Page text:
I am a great admirer of Pope Francis, I have to say. He seems constantly to be reminding us of the central themes of what must be the church’s preaching: God’s mercy, his overwhelming concern for the poor, his call to us to make them—and not our own status or privileges—our prime focus of interest. He can be challenging, especially when he speaks “off the cuff,” and he is often critical of professional theologians for being elitists. But his instinctive responses to the church’s needs seem to me to represent the core of the Gospel—and of our Jesuit spirituality.
Pope Benedict XVI gave you the Ratzinger Prize in Theology at the Vatican in 2012. Looking ahead, what do you hope people will take away from your own life and work?
I hope I’ll be remembered as someone who knew the long Christian tradition well—especially as it speaks of the person of Christ—and who helped make it a little more intelligible and attractive for disciples today. I like to think sometimes that my kind of work is a little like making watches. It’s fine, close work, and it takes a while to finish something; but when you do, you hope that it will be beautiful, and will keep running for at least fifty years!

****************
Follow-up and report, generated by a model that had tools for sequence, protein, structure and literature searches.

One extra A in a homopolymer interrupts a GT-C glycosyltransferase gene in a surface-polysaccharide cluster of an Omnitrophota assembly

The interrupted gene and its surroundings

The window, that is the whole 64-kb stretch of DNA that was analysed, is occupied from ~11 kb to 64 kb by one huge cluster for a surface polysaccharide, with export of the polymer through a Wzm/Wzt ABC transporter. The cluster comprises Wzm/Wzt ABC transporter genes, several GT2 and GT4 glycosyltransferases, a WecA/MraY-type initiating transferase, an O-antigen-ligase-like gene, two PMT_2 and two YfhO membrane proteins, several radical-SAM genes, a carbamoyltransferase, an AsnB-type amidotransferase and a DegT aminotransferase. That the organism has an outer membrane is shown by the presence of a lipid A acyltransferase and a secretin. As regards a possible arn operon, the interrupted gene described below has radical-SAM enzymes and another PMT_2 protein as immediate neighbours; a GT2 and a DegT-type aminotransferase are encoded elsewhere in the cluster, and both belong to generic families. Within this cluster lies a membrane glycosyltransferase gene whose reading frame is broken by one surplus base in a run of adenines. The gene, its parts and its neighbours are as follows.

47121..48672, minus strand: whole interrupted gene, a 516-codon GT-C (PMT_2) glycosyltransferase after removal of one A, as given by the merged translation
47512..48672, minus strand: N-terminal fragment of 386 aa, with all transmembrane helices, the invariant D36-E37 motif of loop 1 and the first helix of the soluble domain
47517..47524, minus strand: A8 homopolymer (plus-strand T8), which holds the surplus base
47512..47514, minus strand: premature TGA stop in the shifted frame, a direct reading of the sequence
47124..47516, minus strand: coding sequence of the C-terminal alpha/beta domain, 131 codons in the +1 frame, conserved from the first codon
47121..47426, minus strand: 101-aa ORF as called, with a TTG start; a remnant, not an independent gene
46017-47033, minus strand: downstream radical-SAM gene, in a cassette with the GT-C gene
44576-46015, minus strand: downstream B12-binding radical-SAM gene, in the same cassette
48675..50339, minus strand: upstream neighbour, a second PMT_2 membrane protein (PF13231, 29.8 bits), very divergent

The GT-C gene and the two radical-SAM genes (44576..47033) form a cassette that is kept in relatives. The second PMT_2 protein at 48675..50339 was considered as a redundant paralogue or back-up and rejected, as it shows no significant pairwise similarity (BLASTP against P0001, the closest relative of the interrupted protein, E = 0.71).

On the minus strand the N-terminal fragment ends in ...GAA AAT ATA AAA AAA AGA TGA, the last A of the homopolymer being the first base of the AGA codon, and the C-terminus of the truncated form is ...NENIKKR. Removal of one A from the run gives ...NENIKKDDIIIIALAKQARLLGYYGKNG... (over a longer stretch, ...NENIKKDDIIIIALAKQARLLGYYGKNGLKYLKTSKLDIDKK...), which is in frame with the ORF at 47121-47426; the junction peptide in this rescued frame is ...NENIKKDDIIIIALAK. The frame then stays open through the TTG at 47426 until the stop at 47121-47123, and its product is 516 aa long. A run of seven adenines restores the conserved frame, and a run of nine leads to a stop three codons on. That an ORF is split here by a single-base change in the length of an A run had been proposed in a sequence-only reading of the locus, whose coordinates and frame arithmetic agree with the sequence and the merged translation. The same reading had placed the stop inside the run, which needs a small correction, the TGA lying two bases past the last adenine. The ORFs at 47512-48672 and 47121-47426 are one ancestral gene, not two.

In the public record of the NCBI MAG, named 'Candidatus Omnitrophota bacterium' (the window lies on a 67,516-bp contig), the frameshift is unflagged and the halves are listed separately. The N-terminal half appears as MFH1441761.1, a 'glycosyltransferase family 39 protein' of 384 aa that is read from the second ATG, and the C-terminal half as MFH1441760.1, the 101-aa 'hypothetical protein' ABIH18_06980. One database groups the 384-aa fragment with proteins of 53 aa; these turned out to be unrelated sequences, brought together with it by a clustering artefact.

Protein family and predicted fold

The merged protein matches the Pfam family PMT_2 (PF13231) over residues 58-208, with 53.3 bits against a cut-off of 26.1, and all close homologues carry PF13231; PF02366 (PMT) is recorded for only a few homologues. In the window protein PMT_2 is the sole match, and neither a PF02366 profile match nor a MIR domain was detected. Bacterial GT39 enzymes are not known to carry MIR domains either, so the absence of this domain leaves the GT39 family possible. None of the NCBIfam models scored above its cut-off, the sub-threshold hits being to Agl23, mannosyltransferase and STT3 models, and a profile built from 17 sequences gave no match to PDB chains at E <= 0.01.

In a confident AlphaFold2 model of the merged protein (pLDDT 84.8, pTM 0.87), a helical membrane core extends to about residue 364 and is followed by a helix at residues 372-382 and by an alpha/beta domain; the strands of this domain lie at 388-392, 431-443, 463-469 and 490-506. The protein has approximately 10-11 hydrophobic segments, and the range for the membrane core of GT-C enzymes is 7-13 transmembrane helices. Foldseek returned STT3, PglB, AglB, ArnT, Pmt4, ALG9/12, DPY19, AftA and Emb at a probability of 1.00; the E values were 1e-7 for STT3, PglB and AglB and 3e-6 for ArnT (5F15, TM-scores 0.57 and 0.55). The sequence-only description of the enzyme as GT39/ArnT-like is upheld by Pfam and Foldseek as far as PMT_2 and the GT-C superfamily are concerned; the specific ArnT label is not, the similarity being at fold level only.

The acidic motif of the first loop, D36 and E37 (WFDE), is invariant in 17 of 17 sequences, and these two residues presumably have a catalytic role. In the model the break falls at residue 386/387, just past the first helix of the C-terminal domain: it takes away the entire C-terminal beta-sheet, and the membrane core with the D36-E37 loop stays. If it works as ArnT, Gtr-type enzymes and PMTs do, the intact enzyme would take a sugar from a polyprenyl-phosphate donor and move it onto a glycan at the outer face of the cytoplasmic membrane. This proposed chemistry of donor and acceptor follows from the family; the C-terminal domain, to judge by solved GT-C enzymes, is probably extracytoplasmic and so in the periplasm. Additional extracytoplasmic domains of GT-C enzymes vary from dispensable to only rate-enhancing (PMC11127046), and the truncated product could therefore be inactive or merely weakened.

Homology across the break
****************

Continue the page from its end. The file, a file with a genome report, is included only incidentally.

What projects are you currently working on?
I’ve just finished the manuscript of a book on the history of Christology in the early Church, from just after the New Testament to the Iconoclastic Controversy in the eighth and ninth centuries. And I’ve also finished reworking a critical edition and translation of the works of Leontius of Byzantium, a sixth-century Christological writer who is an important and little-known contributor to our tradition. My next project will probably be to do some translations of works from the Greek Fathers.
Do you have any hopes for the future?
I hope to teach here for a few more years, and then to retire to a place where there is a good Jesuit community, a good library, and the chance to do some good spiritual direction and pastoral ministry. For Jesuits, thinking and writing and teaching are all forms of what St. Ignatius called “helping souls,” which is what we do. I guess that’s what I really want to do in the future.
Do you have any final thoughts?
I’d just like to thank you for giving me this chance to think out loud about my late colleague, Fr. Richard McBrien, and about the trade of theology. Keep carrying the treasure in whatever vessel you can find!
Sean Salai, S.J., is a contributing writer at America.